Like many filmmakers who were raised as strict Catholics, Arcand loves a good rebel, especially one who breaks the rules with his body as well as his mind. As a revolutionary intellectual, RĂ©my would more readily have danced with Emma Goldman than planned with Lenin. Religion is not an option — like all Arcand’s films, The Barbarian Invasions is littered with sallies against institutional Catholicism. Yet the movie is a deeply spiritual work. RĂ©my may be a significantly autobiographical figure for Arcand, who doubtless shares the dying man’s disgust with the arid, politically and morally uncommitted world his son inhabits. But the director is more generous than his stubborn protagonist, and he sees that even if history pursues an inexorably bloody path, individuals are always capable of surprising us, not to mention themselves. RĂ©my and his son lock horns as soon as they set eyes on one another, yet SĂ©bastien methodically sets about making his father’s stay more comfortable, which in his book means dangling wads of cash under the noses of crooked union officials (the dapper Arcand has an unlikely cameo as one of them) and a hospital administrator who gushes bureaucratic mumbo jumbo. When at last RĂ©my’s pain grows unbearable, SĂ©bastien drafts an old childhood friend, Diane’s daughter Nathalie (played by Marie-JosĂ©e Croze, whose brooding intensity as a fatalistic young junkie earned her a Best Actress award at Cannes last year), to supply his father with heroin.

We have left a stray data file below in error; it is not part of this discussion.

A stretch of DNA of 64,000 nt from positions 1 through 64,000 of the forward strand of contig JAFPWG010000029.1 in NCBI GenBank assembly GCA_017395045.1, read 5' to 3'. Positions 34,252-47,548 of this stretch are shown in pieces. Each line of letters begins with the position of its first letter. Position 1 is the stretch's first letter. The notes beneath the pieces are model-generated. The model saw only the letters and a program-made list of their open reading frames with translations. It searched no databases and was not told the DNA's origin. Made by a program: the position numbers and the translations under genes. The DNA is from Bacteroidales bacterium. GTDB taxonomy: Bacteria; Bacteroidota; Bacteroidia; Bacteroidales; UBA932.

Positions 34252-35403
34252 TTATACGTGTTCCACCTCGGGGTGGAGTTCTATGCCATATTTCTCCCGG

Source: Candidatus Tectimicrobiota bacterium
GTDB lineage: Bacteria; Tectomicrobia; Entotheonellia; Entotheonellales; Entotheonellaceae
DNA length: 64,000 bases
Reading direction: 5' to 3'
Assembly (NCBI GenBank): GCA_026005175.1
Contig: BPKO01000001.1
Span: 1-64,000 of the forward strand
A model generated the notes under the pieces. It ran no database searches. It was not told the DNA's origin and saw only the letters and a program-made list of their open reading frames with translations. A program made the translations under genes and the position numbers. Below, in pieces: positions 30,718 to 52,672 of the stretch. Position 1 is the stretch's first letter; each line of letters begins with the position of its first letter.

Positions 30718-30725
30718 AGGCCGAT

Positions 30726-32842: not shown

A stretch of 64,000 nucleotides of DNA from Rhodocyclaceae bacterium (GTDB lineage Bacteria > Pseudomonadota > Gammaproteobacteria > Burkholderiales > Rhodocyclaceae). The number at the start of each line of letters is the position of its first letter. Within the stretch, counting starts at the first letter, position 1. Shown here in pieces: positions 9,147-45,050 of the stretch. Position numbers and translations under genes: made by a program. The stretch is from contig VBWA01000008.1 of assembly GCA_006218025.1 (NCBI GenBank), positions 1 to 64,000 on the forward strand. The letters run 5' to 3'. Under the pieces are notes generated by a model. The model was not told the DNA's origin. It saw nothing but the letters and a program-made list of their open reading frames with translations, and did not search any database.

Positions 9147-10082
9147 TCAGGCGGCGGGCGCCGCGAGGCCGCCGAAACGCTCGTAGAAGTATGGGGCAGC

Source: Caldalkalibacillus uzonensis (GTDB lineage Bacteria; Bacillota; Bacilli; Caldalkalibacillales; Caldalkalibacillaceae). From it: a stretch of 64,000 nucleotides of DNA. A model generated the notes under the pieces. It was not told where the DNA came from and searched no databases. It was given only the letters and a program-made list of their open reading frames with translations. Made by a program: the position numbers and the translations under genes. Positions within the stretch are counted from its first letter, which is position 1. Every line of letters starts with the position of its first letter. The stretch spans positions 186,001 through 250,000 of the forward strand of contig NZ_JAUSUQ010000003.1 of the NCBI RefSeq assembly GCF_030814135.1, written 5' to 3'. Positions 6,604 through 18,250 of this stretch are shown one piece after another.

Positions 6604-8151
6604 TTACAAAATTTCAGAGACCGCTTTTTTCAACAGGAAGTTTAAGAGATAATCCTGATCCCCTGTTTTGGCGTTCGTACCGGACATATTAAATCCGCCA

The Barbarian Invasions is a reunion movie, and while it’s often very funny, it has none of the self-satisfied piety or strenuous jokiness of The Big Chill. Its mood shifts between defiant exuberance and wistful contemplation, but it’s never mawkish. The film has the fluid rhythms, the delight in talk and food, and the nourishing intellectual richness of Renoir, Louis Malle and, in a certain mood, Bertolucci. In the end, help comes from unexpected quarters, flows in unexpected directions and creates surprising companions. When RĂ©my’s scattered old friends are rounded up by SĂ©bastien for a final rendezvous at the lake, we see that in some ways they have survived less well than their children. There’s fatigue and worry beneath the still boisterous banter; some fret, with good reason, that they have failed as parents; some are lonely. Lusty Diane is now preoccupied with regaining contact with the elusive Nathalie, while Dominique, acidic as ever, gets her frissons from television. Two have found stability: Gay, ironic Claude (Yves Jacques), who can still rustle up a gourmet dinner for eight with whatever happens to be in the pantry, has abandoned his obsessive cruising and brought along a steady squeeze; Pierre (Pierre Curzi), who once reviled domesticity, has married a younger woman and fathered two girls who are the light of his life. But even RĂ©my concedes that “women have deserted my dreams,” and that the truly barbaric invasion may be the passage of time, which has wasted his body without answering the questions of his intellect and his spirit. “I haven’t found a meaning. I have to keep searching,” he cries in anguish. For all its urbanity, this deep and marvelously humane film — a testament to the redemptive power of friends and family — can’t let him go like that. There is resolution and a kind of closure, and every moment of it has been earned.